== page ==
Most of us care.  I have no doubt that most of us care enough to try to offer help and encouragement to someone who is hurting or in need.  Sometimes, however, we can be moving so fast or be so consumed in our own affairs that we maybe don’t notice their pain.  When we’re singing our songs of cheer, it’s good to take notice if those around us aren’t singing along.  If we recognize a long face in the presence of our cheer, we may need to stop and find out if there is some encouragement needed.

We don’t want people to think we don’t care.  Of course we don’t want them to hurt.  It’s certainly ok for sing songs of cheer; however, upon noticing a heavy heart around us, we need to be quick to show concern and to offer a warm garment of encouragement.  It may just be the start of a more restful and pleasant pilgrimage.

Carrying an extra garment,

jamie

Is the Word your treasure?

Pr. 2:1:  “My son, if you receive my words, and treasure my commands within you…”

We just got home from a 6-day visit with our family in WV.  Last Wednesday, about 30 minutes up the interstate, I realized I had forgotten my Bible.  No!!!!!!!!  As the realization set in, I felt like I was missing an appendage.  I knew my in-laws had many Bibles at their house, and my husband assured me I could use his, as well, but that didn’t ease the disappointment in my heart.  My Bible is a part of me.

While the other Bibles still contain the Word of God, they can not replace the relationship I have with my personal Bible.  I have wept over, agonized over, and sought the will of God through my personal Bible.  I have diligently studied and voraciously turned the pages, trying to find more of God in my personal Bible.  The Lord has spoken to me, counseled me, rebuked me, and guided me through my own Bible.  I know exactly where to find scriptures in my own Bible, even without the exact scripture reference, because I’ve been in it so much that I know on what part of the page the scripture is typed.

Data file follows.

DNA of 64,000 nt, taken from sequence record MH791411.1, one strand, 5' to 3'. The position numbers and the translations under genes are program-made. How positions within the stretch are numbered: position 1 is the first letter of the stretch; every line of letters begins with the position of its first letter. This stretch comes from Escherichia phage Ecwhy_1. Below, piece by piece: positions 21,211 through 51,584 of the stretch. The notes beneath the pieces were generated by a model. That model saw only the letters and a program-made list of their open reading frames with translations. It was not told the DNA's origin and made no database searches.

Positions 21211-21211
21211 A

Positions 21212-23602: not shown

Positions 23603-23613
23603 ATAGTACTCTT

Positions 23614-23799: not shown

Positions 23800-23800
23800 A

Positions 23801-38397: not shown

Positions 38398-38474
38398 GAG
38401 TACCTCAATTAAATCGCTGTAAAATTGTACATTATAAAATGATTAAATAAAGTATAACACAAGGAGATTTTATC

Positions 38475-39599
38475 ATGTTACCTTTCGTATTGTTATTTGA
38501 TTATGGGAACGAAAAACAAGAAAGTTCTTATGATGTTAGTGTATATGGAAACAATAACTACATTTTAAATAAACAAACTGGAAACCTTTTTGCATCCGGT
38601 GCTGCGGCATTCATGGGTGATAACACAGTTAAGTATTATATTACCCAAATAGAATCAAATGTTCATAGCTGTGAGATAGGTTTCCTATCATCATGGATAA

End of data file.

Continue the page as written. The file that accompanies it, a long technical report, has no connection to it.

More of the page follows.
I have poured myself into my Bible, and the Lord has poured into me.  I treasure the words in my Bible like nothing else.  Knowing I would be without it for 6 days truly felt like an eternity.

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Is this how you feel about the Word of God?  Maybe you’re not like me, needing 1 specific Bible to hear the Word of God. (like a baby with their pacifier.  haha)  But is the Word of God your treasure?  Do you need the Word so much that allowing a day to go by leaves you disappointed?  Does the thought of missing 2 days in God’s word leave you knowing that you’d be missing out on the most important thing in your life?

The Word of God is a critical component of our relationship with God.  We speak to God through prayer, and He can speak to us and to our hearts through His Holy Spirit.  We also need to hear His voice through the Word which He has provided.  The Word is vital, which is why it referred to as the sword in the set of armor we are encouraged to put on each day.  The Lord breathed life into His Word, and when we burrow in, consider, and explore it, He breathes life into us.

Pulling my Bible off the shelf this morning brought a rush of exhilaration to me this morning.  My Bible!  I was so joyful as I unzipped the cover and opened the pages.  I hope the same joy finds you today as you read and consider the Word.

Complete,

jamie

 

Don’t take that left

Pr. 4:27:  “Do not turn to the right or the left; remove your foot from evil.”

This verse is pretty self-explanatory.  The verse before this says to let all your ways be established.  When you establish something, you make it firm, or stable; you give it a solid basis from which it won’t move, or institute something meant to be permanent.

When you establish your life in Christ, you are making a solid, stable place on which you are declaring to stand.   Not to be moved, you are instituting a relationship meant to be permanent.  You are declaring God as the Lord of your life, and saying that your trust in Him and His faithfulness is enough for you to place all your hope.

From that place, we are told not to turn to the right or to the left.  We are told to remain on the solid ground that is Christ.

If there is any evil in our lives, we must remove our foot from it.  If any evil comes to us after we have established ourselves, we must remind ourselves that our relationship with the Lord has been established, never to be undone.  Remembering God’s faithfulness to those who place their trust in Him, we must not turn or be moved.

Satisfaction from evil and sin is a mirage.  Sin always brings shame, guilt, pain, destruction, and death.  God is and always will be more than enough.  Nothing can compare with the pleasures that are at the right hand of our King!  In His presence alone is fullness of joy.  Why leave?

In Him,

jamie